50 Years of Terror Tyranny and Oppression 1940–1991
Home      Bikernieki Forest, Site of the 1941-1944 Jewish non-Jewish Mass Murders
Biķernieki Forest –
Site of the 1941–1944 Jewish non-Jewish Mass Murders 
Located at the entrance to Biķernieki Forest Memorial site is a white archway with a stone path leading to the Biķernieki Forest Memorial. The memorial is located some ways down this path leading into the forest and the beginning of the 55 mass grave sites were over 35,000 murders were committed and buried in these 55 mass graves that are scarred and can be found through out this forest.
Funded in part by Germans, local architects worked for 15 years to create an appropriate monument for the atrocities that occurred among these trees.
The memorial consists of a white altar, under which a black granite block stands with English, Russian, German and Hebrew words from the book of Job, 16:18: “O earth, do not cover my blood, and let there be no resting place for my cry”. Jagged rocks come out of the ground to look as though the forest floor has opened up, and each represents a lost life. The paths between the stones are named with the cities from which prisoners were transported to the camp. 
This White Archway, is now the main entrance to Biķernieki Forest Memorial and its 55 Mass Graves, Located on the left side of this arch is a Black Marble Map showing the path leading to these 55 Mass Graves.
Biķernieki Forest Memorial “Biķernieku Memoriāls”
                                 Biķernieki Forest Memorial                                   Jagged rocks come out of the ground to look as though the forest
                                                                                                               floor has opened up, and each represents a lost life 
                                                                                                                                    Original entrance to Biķernieki Forest
With in the first two weeks of July 1941 the mass murdering of Riga Jewish non-Jewish people began in the Biķernieki Forest. About 4000 men arrested in the first weeks of July 1941 were taken out of the Central Prison by truck to Bikernieki Forest, where they were murdered. All executions were supervised by the officers of the Nazi Germany SS and SD “Security Service”.
Biķernieki Forest is located 3 kilometers east of Riga centre city and on the south side of Biķernieki iela.
Biķernieki Forest is the largest site of mass murders and burial of victims of Nazi terror in Latvia. From 1941 till 1944, 35,000 people, including Latvian and Western European Jewish people, Soviet "POWs" Prisoners of War, Nazis’ political and the adversaries, were executed here. In 1943, Riga Ghetto prisoners who were not transferred to the “Kaiserwald” Concentration Camp were executed here, followed in the autumn of 1944 by those “Kaiserwald” prisoners no longer able to work.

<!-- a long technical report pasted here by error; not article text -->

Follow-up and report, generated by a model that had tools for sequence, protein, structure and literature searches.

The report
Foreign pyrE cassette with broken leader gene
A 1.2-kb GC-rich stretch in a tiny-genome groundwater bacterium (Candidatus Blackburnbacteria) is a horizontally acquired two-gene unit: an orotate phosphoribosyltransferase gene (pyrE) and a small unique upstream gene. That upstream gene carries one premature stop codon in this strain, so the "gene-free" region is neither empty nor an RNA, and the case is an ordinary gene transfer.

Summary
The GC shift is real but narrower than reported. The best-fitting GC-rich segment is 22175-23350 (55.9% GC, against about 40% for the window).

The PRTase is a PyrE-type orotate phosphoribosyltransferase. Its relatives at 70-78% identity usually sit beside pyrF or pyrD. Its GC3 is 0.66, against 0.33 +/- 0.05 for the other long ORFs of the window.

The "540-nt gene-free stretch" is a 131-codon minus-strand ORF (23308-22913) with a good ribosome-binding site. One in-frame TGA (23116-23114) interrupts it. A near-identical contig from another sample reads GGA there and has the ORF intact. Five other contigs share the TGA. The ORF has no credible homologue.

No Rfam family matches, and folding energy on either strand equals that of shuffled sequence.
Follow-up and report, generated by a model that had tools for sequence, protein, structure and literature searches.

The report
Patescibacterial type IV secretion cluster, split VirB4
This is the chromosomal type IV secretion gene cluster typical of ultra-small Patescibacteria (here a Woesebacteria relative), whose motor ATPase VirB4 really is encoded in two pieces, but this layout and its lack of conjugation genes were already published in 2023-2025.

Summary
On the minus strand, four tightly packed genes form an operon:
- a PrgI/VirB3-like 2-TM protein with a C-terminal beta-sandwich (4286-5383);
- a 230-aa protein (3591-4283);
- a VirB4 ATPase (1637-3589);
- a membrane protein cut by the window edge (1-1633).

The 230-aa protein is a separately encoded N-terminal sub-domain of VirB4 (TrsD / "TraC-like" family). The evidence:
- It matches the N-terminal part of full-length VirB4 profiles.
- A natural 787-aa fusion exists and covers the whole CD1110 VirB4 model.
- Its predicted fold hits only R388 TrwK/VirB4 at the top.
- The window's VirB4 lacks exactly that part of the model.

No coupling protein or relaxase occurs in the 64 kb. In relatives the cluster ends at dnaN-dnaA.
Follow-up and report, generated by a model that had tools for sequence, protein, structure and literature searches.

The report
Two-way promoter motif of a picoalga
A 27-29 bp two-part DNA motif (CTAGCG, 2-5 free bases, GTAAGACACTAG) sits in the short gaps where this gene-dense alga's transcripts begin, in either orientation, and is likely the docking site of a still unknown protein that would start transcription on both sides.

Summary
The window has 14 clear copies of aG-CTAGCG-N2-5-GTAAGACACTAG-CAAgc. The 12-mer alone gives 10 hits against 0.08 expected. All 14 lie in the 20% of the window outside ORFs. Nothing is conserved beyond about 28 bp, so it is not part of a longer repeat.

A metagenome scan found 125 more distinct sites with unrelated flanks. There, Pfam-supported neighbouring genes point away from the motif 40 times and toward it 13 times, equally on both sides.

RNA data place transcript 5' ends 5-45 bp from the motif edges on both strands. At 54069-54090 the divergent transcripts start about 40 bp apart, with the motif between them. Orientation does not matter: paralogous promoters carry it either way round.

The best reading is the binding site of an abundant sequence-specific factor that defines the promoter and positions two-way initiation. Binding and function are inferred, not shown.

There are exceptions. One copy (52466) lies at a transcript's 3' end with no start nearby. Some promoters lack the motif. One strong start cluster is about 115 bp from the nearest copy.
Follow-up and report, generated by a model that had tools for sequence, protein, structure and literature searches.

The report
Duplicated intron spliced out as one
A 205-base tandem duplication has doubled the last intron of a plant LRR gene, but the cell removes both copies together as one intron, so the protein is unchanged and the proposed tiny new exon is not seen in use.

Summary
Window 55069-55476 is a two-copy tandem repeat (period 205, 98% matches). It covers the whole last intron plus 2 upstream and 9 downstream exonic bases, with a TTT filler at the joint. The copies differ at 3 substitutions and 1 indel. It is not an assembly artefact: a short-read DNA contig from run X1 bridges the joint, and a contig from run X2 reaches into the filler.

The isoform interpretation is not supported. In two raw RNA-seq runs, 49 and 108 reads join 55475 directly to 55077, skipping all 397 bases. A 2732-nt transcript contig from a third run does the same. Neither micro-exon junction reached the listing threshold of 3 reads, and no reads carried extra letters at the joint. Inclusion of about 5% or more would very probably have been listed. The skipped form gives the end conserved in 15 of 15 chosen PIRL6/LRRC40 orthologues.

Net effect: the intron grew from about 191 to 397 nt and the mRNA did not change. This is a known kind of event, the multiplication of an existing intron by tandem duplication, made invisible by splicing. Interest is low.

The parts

These are some of the 55 Mass Graves located through out the Biķernieki Forest 
                                                       The largest of the 55 Mass Graves located through the Biķernieki Forest 
Under the pretext and promise of work, the Jewish groups were either trucked or forced to walk carrying only a single suitcase and the cloths on their back from the Riga Ghetto to the entrance to Biķernieki Forest where their lives were changed for ever. Men women children families and undesirables entered Biķernieki Forest to never return. Others were Western European Jewish people, Soviet "POWs" Prisoners of War, and the Nazis’ political adversaries, were executed here.
Moving down the many different paths that lead to one after another of the 55 mass graves located through the forest, all one has to do is close your eyes open your mind and ears you will be able to see feel and hear the men women and children being moved silently to an area where they were ordered to leave their suitcases ordered to undress, naked and now stripped of their possessions and their dignitary they were then taken to the edge of one of the freshly dug mass graves lined up and shot some were shot in the back of the head as others were lined up in groups and then shot in the back as shots ring out the bodies fell backward and crumble into the grave. One group after another was executed until the mass grave was full. Then they would move on to the next mass grave and the executions would continue. Soviet war prisoners who were ordered and forced to dig the mass graves then were ordered to fill them in. Once their work was done, they were also murdered and dumped into one of the mass graves. 
Dünamünde Action
The Dünamünde Action "Aktion Dünamünde" was an operation launched by the Nazi German occupying force in "Biķernieki Forest", near Riga, Latvia. Its objective was to execute Jewish people who had recently been deported to Latvia from Germany, Austria, Bohemia and Moravia. These murders are sometimes separated into the First Dünamünde Action, occurring on the 15th of March 1942, and the Second Dünamünde Action on the 26th of March 1942. About 1,900 people were killed in the first action and 1,840 in the second. The victims were lured to their deaths by a false promise that they would receive easier work at a "non-existent" resettlement facility near a former town in Latvia called Daugavgrīva "Dünamünde". Rather than being transported to a new facility, they were trucked to woods north of Riga, shot, and buried in previously dug mass graves. The elderly, the sick and children predominated among the victims.